Music: Power Inc. Vol. 1 + Vol. 2 (Tackhead)


Tackhead's career has been so diverse and difficult to document properly that I'm not surprised one has to hunt and peck so much. There's the albums, but they're scattered across a number of different labels, sometimes sporting varying credits — "Gary Clail's Tackhead Sound System" or individual members like Keith Leblanc — rather than Tackhead proper. There's the early 12" singles, but they too are scarce, and also sometimes sport an entirely different name ("Fats Comet"). It's like using tweezer to pick sand grains off the ocean floor.

For a good long time, the Power Inc. anthologies came about as close as could be expected to picking up the pieces that mattered. There's still a lot missing from these two collections of tracks from across the best parts of Tackhead's career. But they touch on some of the most crucial moments, and if you combine this with Tackhead Tape Time and Keith Leblanc's Major Malfunctionyou can assemble a good composite picture of one of the best bands to come out of the multi-way collision between funk, industrial, dub, and reggae that took place in the late Eighties.

A big part of what Power Inc. documents is not just the way the band changed from track to track, but the way any one track could show up in different forms across the band's history. Two of the best cuts on the first disc are also two of the best cuts the band ever waxed, "What's My Mission Now?" and "Hard Left" — both drum-machine-driven, funk-bass-limned monsters that incorporate spoken word samples, both angry indictments of a system that wastes money and human life in about equal measure. Here, we're presented with the original 12" versions, rather than the heavily remixed and Gary Clail-voiced versions that I first experienced on the Tackhead Tape Time album, and these versions are worth experiencing first for being all the clearer and more propulsive.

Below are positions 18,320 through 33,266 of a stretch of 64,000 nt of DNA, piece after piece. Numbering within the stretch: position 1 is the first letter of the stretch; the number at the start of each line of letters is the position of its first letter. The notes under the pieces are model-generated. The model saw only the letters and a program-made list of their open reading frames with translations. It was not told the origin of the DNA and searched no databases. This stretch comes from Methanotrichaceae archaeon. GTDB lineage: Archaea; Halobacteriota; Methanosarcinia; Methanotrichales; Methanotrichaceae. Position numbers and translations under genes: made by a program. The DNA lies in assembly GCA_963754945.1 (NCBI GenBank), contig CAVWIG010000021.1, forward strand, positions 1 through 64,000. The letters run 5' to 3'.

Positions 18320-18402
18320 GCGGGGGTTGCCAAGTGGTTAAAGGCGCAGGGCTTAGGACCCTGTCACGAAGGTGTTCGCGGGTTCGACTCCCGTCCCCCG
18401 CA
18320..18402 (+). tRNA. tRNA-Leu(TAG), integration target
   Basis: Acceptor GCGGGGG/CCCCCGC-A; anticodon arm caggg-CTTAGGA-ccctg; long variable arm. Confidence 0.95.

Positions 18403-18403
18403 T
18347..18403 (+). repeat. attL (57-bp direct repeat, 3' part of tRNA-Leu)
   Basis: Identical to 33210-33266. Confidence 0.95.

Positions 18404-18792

On the second disc, the same tendency shows up again with other tracks. For me, here, the real example is "Move It", the jaw-dropping Fairlight CMI/drum machine/studio technology carpet-bombing that also formed the basis for the pre-Twitch-era Ministry track "Move", and also showed up in significantly different mixes on Tackhead Tape Time ("M.O.V.E.") and Major Malfunction. The "Move It" version is the most crowded and noisy, the Tackhead Tape Time version a subset of that with some additional sampling, and the Ministry/Malfunction incarnations are the core of the song shown off to best effect, but it's all astonishing stuff every single time.

Another Malfunction track shows up here in a drastically different form, "Technology Works", this time with more guitar and bass and a little less of the sampled dialogue that gave the Leblanc album version its pointed cautionary context. And "Get This", familiar to Tackhead Tape Time shows up on disc 2 in a far longer, clearer mix.

Both volumes of Power Inc. also serve as decent anthologies to the group's major singles: "Ticking Time Bomb" (their introduction to a major U.S. label, where they failed to make the impact they deserved), "Original Sex" (a/k/a "Dangerous Sex", featuring Melle Mel), and the throbbing singles released under the Fats Comet moniker ("Rochester", "King of the Beat"). Until we get something resembling a Tackhead box set, the best of Tackhead is likely to be Some Assembly Required and Batteries Not Included.


Tags: Adrian Sherwood Doug Wimbush funk Gary Clail industrial Keith LeBlanc music review Skip Mcdonald Tackhead



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This page contains a single entry by Serdar in the category Music, published on June 13, 2016 9:00 AM.

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